City of the Sharp-Nosed Fish: Greek Lives in Roman Egypt by Peter Parsons - review by Peter Jones

Peter Jones

The Sands of Egypt

City of the Sharp-Nosed Fish: Greek Lives in Roman Egypt


Weidenfeld & Nicolson 288pp £20

The Molesworth Self-Adjusting Thank-You Letter (‘Dear Aunt/Uncle/Stinker, Thank you very much for the train/tractor/germ gun. It was lovely/useful/not bad’ and so on) has proved a blessing to schoolchildren for many years now, but the principle is at least 1,700 years old. For the desert sands of an ancient Greek town in Egypt have yielded a model ‘Letter of Consolation’, datable to about AD 300: ‘--- to ---, be of good heart. When the terrible news was signified to me about the deceased ---, how I was distressed …’, etc.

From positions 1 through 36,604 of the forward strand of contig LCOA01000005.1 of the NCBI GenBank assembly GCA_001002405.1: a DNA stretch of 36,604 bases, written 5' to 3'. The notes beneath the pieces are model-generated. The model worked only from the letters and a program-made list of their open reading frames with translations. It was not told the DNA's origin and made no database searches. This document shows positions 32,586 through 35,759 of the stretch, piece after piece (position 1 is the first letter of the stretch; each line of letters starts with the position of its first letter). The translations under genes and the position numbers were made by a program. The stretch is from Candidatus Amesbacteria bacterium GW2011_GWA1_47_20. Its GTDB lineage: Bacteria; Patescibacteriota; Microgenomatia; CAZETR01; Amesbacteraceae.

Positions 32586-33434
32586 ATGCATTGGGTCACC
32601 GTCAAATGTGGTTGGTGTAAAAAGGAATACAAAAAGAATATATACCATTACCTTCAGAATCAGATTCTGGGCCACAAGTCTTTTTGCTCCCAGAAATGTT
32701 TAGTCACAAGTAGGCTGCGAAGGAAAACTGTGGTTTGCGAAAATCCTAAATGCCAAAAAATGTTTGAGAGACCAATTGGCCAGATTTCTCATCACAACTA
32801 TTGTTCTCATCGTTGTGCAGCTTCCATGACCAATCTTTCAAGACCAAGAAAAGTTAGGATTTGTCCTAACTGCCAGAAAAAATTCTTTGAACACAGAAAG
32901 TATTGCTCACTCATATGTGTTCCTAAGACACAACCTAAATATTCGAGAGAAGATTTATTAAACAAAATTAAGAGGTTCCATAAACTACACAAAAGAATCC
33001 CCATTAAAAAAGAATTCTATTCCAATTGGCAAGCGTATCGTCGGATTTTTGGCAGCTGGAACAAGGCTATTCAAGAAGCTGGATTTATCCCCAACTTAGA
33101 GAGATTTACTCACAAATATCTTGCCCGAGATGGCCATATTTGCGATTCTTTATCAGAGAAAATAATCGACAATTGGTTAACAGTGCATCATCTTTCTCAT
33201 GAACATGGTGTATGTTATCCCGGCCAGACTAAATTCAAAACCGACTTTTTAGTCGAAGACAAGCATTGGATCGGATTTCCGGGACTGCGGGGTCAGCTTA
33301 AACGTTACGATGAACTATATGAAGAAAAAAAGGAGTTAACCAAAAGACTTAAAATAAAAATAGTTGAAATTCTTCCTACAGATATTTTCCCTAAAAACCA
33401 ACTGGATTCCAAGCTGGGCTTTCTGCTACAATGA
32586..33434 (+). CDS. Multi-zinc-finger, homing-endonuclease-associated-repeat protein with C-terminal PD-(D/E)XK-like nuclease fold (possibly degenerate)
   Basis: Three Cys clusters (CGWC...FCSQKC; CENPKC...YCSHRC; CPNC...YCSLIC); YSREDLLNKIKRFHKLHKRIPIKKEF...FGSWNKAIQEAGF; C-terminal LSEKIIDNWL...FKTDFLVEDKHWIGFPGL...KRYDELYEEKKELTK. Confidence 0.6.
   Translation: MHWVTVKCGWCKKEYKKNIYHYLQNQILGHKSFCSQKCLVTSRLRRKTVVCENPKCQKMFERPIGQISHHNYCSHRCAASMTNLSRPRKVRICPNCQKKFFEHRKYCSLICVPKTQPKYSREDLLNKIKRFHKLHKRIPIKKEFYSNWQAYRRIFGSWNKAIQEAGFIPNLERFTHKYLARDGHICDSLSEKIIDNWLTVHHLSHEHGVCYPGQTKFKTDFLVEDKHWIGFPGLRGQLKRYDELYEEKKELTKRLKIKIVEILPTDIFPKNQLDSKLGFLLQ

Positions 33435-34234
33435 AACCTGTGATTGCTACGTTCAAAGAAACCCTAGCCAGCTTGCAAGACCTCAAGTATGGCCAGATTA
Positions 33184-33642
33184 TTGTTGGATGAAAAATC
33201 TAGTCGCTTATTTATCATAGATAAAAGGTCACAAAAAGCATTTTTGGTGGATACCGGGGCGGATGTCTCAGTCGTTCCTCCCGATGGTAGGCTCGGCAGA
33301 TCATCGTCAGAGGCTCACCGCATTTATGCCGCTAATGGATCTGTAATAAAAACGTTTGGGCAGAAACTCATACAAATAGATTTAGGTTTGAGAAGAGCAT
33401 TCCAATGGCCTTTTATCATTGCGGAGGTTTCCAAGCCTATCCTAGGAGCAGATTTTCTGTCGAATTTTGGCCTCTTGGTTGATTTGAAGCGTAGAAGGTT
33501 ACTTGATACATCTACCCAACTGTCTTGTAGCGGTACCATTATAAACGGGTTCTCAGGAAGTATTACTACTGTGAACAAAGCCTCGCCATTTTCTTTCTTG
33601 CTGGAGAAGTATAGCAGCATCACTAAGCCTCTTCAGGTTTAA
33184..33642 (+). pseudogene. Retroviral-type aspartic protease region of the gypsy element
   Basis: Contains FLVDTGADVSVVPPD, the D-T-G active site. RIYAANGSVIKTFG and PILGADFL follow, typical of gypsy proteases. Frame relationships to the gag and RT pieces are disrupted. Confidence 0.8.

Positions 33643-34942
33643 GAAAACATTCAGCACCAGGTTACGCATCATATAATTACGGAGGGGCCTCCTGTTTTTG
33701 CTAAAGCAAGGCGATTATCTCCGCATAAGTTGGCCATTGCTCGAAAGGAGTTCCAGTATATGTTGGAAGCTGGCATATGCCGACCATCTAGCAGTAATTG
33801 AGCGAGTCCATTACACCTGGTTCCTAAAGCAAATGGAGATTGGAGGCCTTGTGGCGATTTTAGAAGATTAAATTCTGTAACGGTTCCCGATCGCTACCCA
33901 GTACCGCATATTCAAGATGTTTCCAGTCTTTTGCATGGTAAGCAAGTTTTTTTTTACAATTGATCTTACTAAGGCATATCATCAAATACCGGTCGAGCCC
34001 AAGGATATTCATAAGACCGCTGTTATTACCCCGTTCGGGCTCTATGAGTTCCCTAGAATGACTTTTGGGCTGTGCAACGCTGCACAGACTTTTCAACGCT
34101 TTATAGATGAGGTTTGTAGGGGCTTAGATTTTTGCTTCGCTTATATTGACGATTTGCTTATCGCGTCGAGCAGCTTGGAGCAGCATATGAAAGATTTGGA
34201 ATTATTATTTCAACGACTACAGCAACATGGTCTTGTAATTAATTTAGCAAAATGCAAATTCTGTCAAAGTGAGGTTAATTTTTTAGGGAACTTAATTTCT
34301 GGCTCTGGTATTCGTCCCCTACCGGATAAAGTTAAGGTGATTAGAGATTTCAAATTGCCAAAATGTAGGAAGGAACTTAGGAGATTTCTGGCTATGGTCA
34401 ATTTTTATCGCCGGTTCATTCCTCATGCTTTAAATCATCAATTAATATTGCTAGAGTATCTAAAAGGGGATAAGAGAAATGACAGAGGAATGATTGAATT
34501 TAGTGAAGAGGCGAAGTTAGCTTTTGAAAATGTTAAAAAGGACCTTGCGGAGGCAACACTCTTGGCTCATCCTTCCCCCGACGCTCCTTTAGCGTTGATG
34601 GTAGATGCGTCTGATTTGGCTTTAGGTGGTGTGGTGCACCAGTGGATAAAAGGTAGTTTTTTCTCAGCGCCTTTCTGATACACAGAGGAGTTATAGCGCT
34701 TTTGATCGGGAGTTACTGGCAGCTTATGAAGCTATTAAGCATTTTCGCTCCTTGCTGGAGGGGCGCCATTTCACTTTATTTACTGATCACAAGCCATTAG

It is just one of the thousands of items recovered a hundred years ago from a garbage-tip in the ancient Graeco-Egyptian town of Oxyrhynchos, ‘sharp-nosed’, named after its sacred fish (modern el-Behnesa). Peter Parsons, Emeritus Regius Professor of Greek at Oxford and one of the world’s leading papyrologists, has been

Sign Up to our newsletter

Receive free articles, highlights from the archive, news, details of prizes, and much more.

RLF - March

A Mirror - Westend